I pick up my things, put on my outer clothing, and proceed to a scanning machine, where I place my bag, shoes, and the metal items I’m carrying. I pass through an arched metal detector, pick up my items, and go to the barred gate leading outside. The two concrete bunkers just outside this gate can now be clearly seen. Each stands about twelve feet high, with only small slits at the top where the armed soldier I spotted earlier watches everything taking place in the cage.

The barred gate eventually creaks open just enough to let me pass through it.

I am now out of the tunnel, in the open air. Over an hour has passed since I entered. The hot afternoon sun is low, the shadows longer. After passing through the creaking gate, those crossing are expected, without being told, to go behind the bunker on the right and hand over their passport to one of the three IDF soldiers standing there. A female soldier telephones ahead to whomever is responsible for allowing me to pass. There is no talk, no facial expressions, no exchange of any kind. I wait, and am then handed back my passport.

Nothing is marked, so I wend my way around miscellaneous small buildings and raw-concrete walls. I keep walking until I spot a large shed with a corrugated tin roof, the inspection point for vehicles and trucks allowed to go back and forth between Israel and Gaza. I pass through the inspection shed and head for a low building on my right, the Visitors Center.

This is the last checkpoint. There is no sign, but I’ve been here before; I know the routine. Inside, the center is clean and well lit. It offers bathrooms and even a few waiting room-type couches. The Visitors Center is for VIPs only, that is, for foreigners only. A line of people waits in front of the counter.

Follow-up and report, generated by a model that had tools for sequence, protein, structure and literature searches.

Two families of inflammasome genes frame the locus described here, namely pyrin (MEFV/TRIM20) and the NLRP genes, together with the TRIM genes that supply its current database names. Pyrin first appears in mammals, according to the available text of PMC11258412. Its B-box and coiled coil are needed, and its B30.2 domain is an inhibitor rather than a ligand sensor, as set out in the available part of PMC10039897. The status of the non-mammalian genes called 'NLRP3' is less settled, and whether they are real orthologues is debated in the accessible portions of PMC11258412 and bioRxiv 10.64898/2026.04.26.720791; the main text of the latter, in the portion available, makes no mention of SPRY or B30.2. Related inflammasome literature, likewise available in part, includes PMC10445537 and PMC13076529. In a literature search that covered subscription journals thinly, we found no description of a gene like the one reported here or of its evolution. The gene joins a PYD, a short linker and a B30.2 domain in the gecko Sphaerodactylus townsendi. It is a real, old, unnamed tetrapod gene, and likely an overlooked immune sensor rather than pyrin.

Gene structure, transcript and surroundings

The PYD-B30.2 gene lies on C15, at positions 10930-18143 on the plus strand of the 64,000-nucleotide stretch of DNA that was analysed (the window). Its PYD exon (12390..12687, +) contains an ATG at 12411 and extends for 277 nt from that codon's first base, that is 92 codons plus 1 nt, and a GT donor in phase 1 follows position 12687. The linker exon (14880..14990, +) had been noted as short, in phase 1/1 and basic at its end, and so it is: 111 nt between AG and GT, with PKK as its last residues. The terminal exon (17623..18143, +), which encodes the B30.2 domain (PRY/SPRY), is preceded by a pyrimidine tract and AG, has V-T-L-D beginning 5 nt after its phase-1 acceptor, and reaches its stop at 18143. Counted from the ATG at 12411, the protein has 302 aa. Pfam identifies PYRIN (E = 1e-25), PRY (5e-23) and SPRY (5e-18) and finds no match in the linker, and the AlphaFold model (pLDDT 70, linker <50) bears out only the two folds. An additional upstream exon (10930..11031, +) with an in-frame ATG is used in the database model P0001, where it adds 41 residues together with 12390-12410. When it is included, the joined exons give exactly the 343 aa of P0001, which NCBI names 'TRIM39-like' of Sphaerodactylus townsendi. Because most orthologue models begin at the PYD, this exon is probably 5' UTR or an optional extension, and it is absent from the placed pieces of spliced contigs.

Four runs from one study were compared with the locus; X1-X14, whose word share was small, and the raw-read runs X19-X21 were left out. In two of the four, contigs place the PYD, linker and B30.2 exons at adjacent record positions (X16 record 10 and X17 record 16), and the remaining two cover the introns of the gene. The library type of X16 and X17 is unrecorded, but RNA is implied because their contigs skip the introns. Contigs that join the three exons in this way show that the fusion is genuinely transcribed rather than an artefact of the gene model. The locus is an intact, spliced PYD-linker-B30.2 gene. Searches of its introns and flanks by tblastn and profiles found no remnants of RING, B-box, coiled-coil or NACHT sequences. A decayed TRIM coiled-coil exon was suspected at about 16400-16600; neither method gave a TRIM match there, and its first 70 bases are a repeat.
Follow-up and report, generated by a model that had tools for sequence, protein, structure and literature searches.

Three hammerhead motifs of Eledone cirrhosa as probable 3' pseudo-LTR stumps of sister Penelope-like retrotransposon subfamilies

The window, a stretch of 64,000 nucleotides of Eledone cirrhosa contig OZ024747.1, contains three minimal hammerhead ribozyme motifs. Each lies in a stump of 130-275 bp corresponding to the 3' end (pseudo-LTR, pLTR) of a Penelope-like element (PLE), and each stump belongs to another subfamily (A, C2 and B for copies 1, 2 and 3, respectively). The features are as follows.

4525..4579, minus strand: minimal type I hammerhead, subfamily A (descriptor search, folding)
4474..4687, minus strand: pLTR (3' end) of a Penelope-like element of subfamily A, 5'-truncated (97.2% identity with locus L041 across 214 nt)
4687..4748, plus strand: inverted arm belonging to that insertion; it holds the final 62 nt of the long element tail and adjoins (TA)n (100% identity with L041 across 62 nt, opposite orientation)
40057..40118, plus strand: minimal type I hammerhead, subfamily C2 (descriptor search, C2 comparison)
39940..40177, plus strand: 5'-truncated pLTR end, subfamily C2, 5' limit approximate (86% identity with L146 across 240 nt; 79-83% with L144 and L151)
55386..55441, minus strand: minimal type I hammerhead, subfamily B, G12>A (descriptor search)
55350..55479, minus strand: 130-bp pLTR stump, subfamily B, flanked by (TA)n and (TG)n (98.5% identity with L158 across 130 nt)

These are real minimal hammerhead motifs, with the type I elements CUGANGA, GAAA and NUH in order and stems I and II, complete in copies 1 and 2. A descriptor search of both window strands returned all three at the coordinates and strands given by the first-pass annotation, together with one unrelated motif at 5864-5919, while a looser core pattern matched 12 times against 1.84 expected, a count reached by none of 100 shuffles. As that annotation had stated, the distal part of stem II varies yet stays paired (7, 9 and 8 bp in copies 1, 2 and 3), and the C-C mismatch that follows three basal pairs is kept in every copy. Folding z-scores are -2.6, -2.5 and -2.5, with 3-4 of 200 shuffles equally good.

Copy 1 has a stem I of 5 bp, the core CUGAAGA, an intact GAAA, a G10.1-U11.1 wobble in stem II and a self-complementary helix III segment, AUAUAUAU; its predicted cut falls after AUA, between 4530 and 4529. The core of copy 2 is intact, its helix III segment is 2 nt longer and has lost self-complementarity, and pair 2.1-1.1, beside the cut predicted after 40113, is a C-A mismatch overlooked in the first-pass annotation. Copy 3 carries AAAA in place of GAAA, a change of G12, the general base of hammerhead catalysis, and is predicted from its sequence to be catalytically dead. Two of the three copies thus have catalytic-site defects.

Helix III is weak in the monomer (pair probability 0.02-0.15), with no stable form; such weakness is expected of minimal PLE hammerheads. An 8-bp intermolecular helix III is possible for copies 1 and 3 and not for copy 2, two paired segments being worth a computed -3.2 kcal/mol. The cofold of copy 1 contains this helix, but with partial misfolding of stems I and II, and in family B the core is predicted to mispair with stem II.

IDF soldiers man the center, but they wear no combat gear, although most of them have their automatic weapons nearby. The soldier at the counter today is a young woman. Although she sits behind a counter, she seems tall. Her pulled-back mop of auburn hair frames a freckled face and hazel eyes. She wears no makeup of any kind. With only a heavily accented word or two, she takes my passport. I wait while she does something with it behind the counter.

The encounter is like those with bureaucrats everywhere, and with immigration officers at foreign airports: no human contact, no affect, no unnecessary communication, just follow the rules. Be respectful and polite despite whatever animosity and frustration you may be feeling. I reprise my wandering thoughts while the soldier behind the counter telephones to check me out.

She tells me to wait.

After twenty minutes, an even younger-looking female soldier at another counter calls my name then hands over my passport and a yellow gate pass. I walk through the gate that lets crossers into Israel. A soldier there takes the yellow gate pass without question or comment, and I proceed to a parking lot full of cars and trucks. The trucks and the new cars are waiting for customs clearance before being moved into Gaza. Some taxis also wait here, looking for fares. A van sells sandwiches, chips, coffee, and soft drinks.